As the population in Zimbabwe’s capital Harare grows, the city strives to meet the soaring housing demand.
With a population of over 2.4 million, about 16 percent of Zimbabwe’s population, the Harare metropolitan area is sprawling outwards, of which authorities say that the growth model is not sustainable since land is a finite resource.
Urban land is a key economic resource and an important investment asset given Zimbabwe’s decade-long currency volatility and lack of alternative investment options.
Housing in the capital is dominated by single-family one-storey houses, but the city has not been able to keep up with rapid urbanization, and demand for land keeps soaring.
The demand has resulted in burgeoning informal settlements in and around Harare, some in unsuitable areas such as river banks and wetlands. It has also created land barons who illegally parcel out land to home-seekers.
This has necessitated the need to build multi-story public housing and cluster housing units to alleviate the shortage.
Compact living is becoming more popular today, contrary to earlier times when there was a preference for larger land areas, according to Ken Sharpe, CEO of West Properties, a Harare-based property development company, which is constructing a thousand multi-story apartments in Harare’s upmarket Borrowdale suburb.
“For a long time in the past, we have not densified the city, so the time has come to build up,” Sharpe told Xinhua.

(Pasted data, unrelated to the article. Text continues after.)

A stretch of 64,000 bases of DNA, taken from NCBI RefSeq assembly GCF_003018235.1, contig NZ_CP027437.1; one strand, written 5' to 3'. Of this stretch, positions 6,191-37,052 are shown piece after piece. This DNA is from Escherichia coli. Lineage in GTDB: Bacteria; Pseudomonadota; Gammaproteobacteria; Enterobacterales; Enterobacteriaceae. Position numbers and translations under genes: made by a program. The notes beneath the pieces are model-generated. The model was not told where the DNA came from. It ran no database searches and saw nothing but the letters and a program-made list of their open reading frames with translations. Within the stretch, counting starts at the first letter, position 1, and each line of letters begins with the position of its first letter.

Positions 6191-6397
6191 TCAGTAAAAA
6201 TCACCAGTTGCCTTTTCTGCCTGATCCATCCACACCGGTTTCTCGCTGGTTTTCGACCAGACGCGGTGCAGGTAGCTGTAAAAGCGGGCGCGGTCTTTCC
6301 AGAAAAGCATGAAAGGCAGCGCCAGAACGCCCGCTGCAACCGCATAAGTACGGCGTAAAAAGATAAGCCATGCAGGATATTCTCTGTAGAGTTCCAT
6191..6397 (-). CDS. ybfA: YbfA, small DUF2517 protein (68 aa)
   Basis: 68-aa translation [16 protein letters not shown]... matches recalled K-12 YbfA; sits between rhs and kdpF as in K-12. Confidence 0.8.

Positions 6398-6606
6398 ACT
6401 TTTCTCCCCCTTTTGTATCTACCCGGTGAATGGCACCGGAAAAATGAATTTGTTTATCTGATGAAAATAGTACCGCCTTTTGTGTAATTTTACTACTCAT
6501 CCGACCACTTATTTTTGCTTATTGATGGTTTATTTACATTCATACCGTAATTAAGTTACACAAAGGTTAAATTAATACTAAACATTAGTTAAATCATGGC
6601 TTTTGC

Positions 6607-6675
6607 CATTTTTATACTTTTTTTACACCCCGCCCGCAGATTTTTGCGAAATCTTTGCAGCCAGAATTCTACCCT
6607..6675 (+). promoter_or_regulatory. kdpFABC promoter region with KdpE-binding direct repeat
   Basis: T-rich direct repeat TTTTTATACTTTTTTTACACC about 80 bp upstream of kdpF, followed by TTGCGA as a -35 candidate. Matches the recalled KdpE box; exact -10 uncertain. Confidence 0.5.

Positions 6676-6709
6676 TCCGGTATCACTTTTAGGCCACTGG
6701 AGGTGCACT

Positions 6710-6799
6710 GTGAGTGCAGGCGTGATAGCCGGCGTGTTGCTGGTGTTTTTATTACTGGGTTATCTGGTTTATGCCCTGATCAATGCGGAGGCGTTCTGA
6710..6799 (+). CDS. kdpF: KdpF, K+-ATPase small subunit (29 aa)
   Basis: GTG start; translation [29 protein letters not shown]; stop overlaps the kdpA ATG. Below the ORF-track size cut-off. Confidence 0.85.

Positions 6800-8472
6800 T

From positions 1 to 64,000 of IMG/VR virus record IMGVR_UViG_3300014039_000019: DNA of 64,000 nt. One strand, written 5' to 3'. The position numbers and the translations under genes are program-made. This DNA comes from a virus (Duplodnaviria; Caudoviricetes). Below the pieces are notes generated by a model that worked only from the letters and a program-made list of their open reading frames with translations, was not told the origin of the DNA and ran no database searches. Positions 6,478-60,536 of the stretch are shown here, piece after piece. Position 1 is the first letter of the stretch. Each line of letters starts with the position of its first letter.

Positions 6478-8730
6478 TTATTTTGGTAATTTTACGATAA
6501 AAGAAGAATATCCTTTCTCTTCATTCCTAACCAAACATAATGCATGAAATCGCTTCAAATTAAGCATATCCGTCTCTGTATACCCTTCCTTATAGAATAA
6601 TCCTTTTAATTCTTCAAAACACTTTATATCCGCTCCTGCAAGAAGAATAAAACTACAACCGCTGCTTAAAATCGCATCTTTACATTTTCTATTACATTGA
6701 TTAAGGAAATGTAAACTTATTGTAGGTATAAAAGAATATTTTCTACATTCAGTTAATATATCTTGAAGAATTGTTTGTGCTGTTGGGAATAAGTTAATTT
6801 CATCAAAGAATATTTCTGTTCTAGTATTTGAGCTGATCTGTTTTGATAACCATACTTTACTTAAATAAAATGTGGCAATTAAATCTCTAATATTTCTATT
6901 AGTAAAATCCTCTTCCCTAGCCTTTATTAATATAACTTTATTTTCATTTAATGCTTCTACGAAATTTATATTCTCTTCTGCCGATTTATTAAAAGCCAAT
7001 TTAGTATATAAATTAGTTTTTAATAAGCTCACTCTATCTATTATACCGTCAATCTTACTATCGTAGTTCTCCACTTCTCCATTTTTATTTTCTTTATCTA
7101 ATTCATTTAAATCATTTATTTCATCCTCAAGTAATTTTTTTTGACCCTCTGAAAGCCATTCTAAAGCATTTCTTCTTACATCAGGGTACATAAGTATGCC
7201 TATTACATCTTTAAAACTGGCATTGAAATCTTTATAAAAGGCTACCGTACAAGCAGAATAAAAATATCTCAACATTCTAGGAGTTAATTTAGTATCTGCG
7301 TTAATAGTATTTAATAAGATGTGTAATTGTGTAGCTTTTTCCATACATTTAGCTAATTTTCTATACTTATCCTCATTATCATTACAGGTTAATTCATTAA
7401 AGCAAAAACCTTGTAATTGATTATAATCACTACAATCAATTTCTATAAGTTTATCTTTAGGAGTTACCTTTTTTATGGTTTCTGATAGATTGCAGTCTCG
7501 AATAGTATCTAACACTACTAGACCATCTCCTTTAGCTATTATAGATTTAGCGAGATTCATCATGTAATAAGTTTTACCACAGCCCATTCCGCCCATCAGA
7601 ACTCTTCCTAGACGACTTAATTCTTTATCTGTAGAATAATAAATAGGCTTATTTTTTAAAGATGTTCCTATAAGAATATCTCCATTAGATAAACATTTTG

Younger home-seekers now prefer modern facilities including security, convenience and home automation, he noted. “we have a young population – almost 70 percent of Zimbabwe is youth under 30 – and these young people want to see modern features, modern designs,” he added.
The government is encouraging people to build upwards, land use should be optimized, and agricultural land should be preserved, said Daniel Garwe, Zimbabwe’s Minister of National Housing and Social Amenities.
“We are vertically building better,” Garwe told Xinhua, “We are promoting densification in terms of the construction of clusters in the low-density areas throughout the country.”
City of Harare Mayor Jacob Mafume said the urban sprawl of single-family households no longer matches modern trends and family sizes.
“We live in a short city which must go vertical,” Mafume, told Xinhua. “We have to densify because the population in Zimbabwe and in Harare has increased.”
While densification through building cluster houses is gaining traction in Harare, some property owners in colonial suburbs with bigger land pieces have resisted the move, saying it alters the original characteristics of neighborhoods.
Real Estate expert Renounce Regards Chokuda said while densification is a positive development, it is crucial to strike a balance between densification and preserving the quality of life in neighbourhoods.
“It is essential to approach these projects with careful planning and design to ensure they are environmentally friendly, visually appealing, and cater to the needs of the local population,” Chokuda told Xinhua.
Economist Prosper Chitambara said the government can play a major role in the provision of affordable housing. “The major challenge is the lack of access to affordable finance, or mortgage financing, that’s a major challenge, and the government can now play a role in terms of ensuring that financing is met,” Chitambara told Xinhua.
The government has set a target to deliver 220,000 housing units by 2025 cooperating with the private sector.